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Primary & Secondary Greatness

I experienced one of those "Aha!" experiences in life when suddenly things click into place. I could see the powerful impact of the Personality Ethic and clearly understand those subtle, often consciously unidentified discrepencies between what I knew to be true - some things I had been taught many years ago as a child and things that were deep in my own inner sense of value - and the quick fix philosophies.

Elements of the Personality Ethic - personality growth, communication skill training, education in influence strategies and positive thinking - are essential for success, but these are secondary, not primary traits. Perhaps, in utilizing our human capacity to build on the foundation of generations before us, we have forgotten the foundation that holds it up; or in reaping for so long where we have not sown, perhaps we have forgotten the need to sow.

If I try to use human influence strategies and tactics of how to get other people to do what I want, to work better, to be more motivated, to like me and each other - while my character is fundamentally flawed, marked by duplicity and insincerity - then, in the long run, I cannot be successful. My duplicity will breed distrust, and everything I do will be perceived as manipulative. It makes no difference how good the intentions are; with little or no trust, there is no foundation for permanent success. Only basic goodness gives life to technique. To focus on technique is like cramming your way through school. You sometimes get by, perhaps even get good grades, but if you don't pay the price day in and day out, you never achieve true mastery of the subjects you study or develop an educated mind.

How rediculous would it be to try to cram on a farm - to forget to plant in the spring, play all summer and then cram in the fall to bring in the harvest? The farm is a natural system. The price must be paid and the process followed. You always reap what you sow; there is no shortcut.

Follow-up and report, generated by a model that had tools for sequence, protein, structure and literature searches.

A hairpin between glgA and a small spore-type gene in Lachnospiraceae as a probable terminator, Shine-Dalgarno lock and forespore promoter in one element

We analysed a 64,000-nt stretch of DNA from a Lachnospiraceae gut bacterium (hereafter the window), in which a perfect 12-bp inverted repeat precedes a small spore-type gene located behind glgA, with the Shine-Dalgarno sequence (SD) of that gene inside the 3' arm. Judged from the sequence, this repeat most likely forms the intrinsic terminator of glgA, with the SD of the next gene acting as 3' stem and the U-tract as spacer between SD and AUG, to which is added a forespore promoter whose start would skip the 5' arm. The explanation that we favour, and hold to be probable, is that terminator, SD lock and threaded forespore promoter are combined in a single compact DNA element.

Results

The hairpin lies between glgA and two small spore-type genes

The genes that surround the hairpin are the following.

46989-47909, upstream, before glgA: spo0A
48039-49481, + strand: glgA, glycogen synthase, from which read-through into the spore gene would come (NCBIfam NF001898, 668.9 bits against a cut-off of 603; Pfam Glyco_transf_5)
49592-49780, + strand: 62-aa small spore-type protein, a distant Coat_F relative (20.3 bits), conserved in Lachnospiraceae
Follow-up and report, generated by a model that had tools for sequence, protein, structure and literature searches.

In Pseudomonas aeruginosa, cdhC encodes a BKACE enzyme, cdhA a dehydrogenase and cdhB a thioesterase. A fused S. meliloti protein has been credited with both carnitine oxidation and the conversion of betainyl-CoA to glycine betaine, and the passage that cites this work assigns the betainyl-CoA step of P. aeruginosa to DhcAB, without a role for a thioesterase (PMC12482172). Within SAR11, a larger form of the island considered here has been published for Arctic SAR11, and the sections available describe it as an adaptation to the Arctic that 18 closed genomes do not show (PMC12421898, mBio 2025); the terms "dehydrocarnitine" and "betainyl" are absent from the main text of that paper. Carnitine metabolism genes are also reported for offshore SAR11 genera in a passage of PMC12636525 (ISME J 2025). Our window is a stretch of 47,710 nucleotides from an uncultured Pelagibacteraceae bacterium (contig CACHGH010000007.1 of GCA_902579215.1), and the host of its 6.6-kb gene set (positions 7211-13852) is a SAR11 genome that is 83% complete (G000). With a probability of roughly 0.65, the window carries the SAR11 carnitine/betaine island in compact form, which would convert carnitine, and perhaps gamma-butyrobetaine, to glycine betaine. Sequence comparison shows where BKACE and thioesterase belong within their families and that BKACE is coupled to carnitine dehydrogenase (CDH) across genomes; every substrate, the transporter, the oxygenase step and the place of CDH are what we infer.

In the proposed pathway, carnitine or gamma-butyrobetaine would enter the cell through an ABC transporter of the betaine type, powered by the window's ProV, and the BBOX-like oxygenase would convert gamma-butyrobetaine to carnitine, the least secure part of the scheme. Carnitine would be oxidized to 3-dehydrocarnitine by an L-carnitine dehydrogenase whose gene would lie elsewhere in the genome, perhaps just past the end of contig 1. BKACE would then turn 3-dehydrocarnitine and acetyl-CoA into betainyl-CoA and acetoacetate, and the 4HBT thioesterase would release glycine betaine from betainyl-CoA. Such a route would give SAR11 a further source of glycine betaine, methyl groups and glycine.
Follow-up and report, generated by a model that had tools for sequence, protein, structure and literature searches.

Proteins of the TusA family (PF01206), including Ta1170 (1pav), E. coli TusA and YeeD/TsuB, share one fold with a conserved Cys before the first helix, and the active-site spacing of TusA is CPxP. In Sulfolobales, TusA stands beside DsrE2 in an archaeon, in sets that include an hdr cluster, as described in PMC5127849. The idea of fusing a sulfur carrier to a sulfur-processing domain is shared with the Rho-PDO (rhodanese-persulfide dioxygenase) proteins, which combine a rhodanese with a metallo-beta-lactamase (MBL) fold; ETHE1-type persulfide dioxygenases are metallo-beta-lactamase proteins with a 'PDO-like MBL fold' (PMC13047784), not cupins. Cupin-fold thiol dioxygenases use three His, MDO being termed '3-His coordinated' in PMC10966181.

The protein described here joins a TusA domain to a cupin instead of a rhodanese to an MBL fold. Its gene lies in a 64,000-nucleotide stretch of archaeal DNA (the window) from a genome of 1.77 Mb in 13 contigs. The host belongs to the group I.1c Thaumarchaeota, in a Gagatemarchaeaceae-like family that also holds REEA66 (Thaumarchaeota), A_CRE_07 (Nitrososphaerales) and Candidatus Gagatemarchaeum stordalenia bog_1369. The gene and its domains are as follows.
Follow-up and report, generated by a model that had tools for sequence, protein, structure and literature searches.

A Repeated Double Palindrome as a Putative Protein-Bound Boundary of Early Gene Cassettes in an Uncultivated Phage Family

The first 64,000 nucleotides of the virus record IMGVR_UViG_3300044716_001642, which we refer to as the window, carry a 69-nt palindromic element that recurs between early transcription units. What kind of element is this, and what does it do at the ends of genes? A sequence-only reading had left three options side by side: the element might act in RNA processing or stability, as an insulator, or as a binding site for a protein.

This principle is also true in human behaviour and human relationships. They, too, are natural systems based on the law of harvest. In the short run you may be able to learn how to manipulate man-made rules. You can use the Personality Ethic to get by and to make favourable impressions. But secondary traits alone have no permanent worth in long-term relationships. Eventually, if there isn't deep integrity and fundamental character strength, the challenges of life will cause true motives to surface and human relationship failure will replace short-term success.

Many people with secondary greatness - that is, social recognition for their talents - lack primary greatness or goodness in their character. Sooner or later, you'll see this in every long-term relationship they have. It is character that communicates most eloquently. As Emerson once put it, "What you are shouts so loudly in my ears I cannot hear what you say."

There are situations where people have character strength but they lack communication skills, and that undoubtedly affects the quality of relationships as well. But the effects are still secondary.

In the last analysis, what we ARE communicates far more eloquently than anything we SAY or DO. We all know it. There are people we trust absolutely because we know their character. Whether they're eloquent or not, whether they have the human relations techniques or not, we trust them, and we work successfully with them.

In the words of William George Jordan, "Into the hands of every individual is given a marvelous power for good or evil - the silent, unconscious, unseen influence of his life. This is simply the constant radiation of what man really is, not what he pretends to be."

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